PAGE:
You can do this in small sets or get more ambitious and work on larger sets. The critical point is that you use Recall Rehearsal to get the images into long-term memory.

For many people, this step will not be necessary because they can deduce like Sherlock Holmes what their images are by relying on the Major System.

For example, I didn’t learn my 00-99 using a Memory Palace. I only needed to think about the Major for each digit and track back to the image I chose.

The Major Mistake I Made When Creating My
First Phonetic Mnemonic System

When I created my first list for math based on the science of mnemonics, many of the images were not concrete enough.

To this day, I keep strengthening them and find many opportunities to do so. For example, I use to have a very generic idea of “fire” for 84.

But I later evolved this image to Chuck Norris in Missing in Action 2 with a flamethrower. I did not have to invent this image because there is a classic scene in the movie where he burns down a bridge with a flamethrower.

And that is the beauty of using the Major Method to memorize numbers. By letting its rules set you free, your imagination will come up with many powerful associations. It is also a great way to strengthen your ability to make associations if you need the developmental exercise. (Many people do.)

How To Extend Your 00-99 to A Person Action Object System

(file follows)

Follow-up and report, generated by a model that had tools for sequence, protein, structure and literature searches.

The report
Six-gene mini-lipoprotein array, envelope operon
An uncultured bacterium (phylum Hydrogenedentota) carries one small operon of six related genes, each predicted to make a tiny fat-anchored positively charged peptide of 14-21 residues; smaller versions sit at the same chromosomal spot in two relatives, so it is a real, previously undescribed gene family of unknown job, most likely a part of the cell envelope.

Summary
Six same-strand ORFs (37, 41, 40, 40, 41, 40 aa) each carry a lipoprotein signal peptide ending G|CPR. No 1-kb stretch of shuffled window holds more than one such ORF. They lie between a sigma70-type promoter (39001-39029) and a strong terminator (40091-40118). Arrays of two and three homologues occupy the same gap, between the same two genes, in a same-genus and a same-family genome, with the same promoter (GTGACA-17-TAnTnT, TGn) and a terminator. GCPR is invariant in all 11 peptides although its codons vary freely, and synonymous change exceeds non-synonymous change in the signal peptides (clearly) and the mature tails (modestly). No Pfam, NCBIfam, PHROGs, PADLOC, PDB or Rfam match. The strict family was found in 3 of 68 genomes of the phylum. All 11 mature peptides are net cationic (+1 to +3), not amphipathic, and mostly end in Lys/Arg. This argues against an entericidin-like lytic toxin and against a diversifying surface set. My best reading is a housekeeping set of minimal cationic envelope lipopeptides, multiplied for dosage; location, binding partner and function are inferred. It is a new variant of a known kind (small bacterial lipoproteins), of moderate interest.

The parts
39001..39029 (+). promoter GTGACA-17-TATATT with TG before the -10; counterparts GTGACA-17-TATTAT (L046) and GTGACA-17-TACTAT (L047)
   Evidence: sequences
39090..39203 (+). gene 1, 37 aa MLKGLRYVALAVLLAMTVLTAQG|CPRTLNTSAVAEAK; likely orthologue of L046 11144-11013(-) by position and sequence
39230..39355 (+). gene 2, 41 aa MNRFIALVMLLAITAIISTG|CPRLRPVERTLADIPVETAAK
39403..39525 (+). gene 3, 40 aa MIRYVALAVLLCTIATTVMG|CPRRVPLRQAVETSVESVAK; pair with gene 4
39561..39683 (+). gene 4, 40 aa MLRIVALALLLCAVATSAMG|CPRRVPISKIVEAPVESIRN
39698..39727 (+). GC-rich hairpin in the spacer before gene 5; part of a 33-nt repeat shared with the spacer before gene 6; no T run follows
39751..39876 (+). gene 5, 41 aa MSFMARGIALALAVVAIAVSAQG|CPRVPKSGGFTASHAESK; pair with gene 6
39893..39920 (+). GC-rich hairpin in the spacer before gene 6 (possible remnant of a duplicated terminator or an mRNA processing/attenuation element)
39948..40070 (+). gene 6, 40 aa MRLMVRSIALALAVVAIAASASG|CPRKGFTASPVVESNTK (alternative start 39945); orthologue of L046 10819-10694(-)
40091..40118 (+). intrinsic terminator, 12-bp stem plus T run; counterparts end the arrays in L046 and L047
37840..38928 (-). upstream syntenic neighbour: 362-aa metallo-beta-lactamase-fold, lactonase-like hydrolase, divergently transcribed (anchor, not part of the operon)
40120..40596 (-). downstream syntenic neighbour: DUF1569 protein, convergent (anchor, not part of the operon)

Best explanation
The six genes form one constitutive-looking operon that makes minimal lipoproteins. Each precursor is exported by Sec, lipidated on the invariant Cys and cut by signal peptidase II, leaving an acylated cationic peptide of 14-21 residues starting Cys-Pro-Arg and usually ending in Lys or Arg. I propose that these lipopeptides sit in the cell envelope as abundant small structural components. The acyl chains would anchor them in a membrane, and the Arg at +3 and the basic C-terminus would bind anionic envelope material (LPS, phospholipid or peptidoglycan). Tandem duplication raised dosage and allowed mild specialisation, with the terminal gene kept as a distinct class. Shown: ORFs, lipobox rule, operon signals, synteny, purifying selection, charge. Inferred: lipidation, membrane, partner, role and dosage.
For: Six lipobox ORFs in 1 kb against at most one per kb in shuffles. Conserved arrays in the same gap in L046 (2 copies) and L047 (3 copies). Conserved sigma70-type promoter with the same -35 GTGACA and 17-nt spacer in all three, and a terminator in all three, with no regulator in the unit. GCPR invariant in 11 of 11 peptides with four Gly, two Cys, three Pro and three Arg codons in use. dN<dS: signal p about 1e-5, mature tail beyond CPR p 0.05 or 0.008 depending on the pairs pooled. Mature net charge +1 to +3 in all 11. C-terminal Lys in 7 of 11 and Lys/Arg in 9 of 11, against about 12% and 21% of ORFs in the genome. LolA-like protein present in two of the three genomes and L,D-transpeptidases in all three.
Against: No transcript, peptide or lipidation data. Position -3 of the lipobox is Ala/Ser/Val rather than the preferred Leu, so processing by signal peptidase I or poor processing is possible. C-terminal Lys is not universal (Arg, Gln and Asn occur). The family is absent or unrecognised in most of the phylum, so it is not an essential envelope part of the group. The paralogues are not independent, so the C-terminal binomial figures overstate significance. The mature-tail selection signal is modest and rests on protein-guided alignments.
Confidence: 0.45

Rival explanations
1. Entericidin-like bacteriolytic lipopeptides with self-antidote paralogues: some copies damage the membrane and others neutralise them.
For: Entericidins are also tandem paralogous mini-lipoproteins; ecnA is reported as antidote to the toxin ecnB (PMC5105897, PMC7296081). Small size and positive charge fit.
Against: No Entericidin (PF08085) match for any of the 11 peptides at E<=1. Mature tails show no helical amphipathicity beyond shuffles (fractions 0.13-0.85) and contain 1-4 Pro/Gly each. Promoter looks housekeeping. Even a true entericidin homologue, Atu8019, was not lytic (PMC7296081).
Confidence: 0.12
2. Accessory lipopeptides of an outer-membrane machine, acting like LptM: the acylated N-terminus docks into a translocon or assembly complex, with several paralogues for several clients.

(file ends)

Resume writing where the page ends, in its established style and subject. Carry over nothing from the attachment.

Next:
So far we’ve talked about giving each digit an image from 00-99.

Many people like to have a triple-whammy effect by having at least three different elements going on for each digit.

To be honest, I have never found this necessary or entirely useful in everyday life. However, in the world of memory competition, it is a must.

That said, my own method of working often includes most of Person Action Object criteria.

For example, the 01 tragedy mask is both a person and an object: It is the tragedy mask (the object) worn by William Shatner (the person). To add an action would be easy: he could be soaping it up with suds.

Although I would be making a leap of the imagination by turning “suds” into a verb, this could work very well.

To take another example, I have Jim Carrey with a lyre (stringed instrument) for 54. I could have him using it to “lure” something or someone to add an action, but I don’t need this specificity for my personal memory practice.

The reason I don’t have a full PAO (sometimes falsely lumped in as a Mnemonic Peg System) for each digit is that I prefer flexibility. In real life, you do not have to beat the clock the same way you do in a memory competition.

You are also using numbers you want to memorize for the long term, like banking info, phone numbers and passwords. These are not random digits heard or read at an event that you’re going to forget minutes after submitting your results.

To that end, I prefer to choose how my Magnetic Images interact with each other on the fly.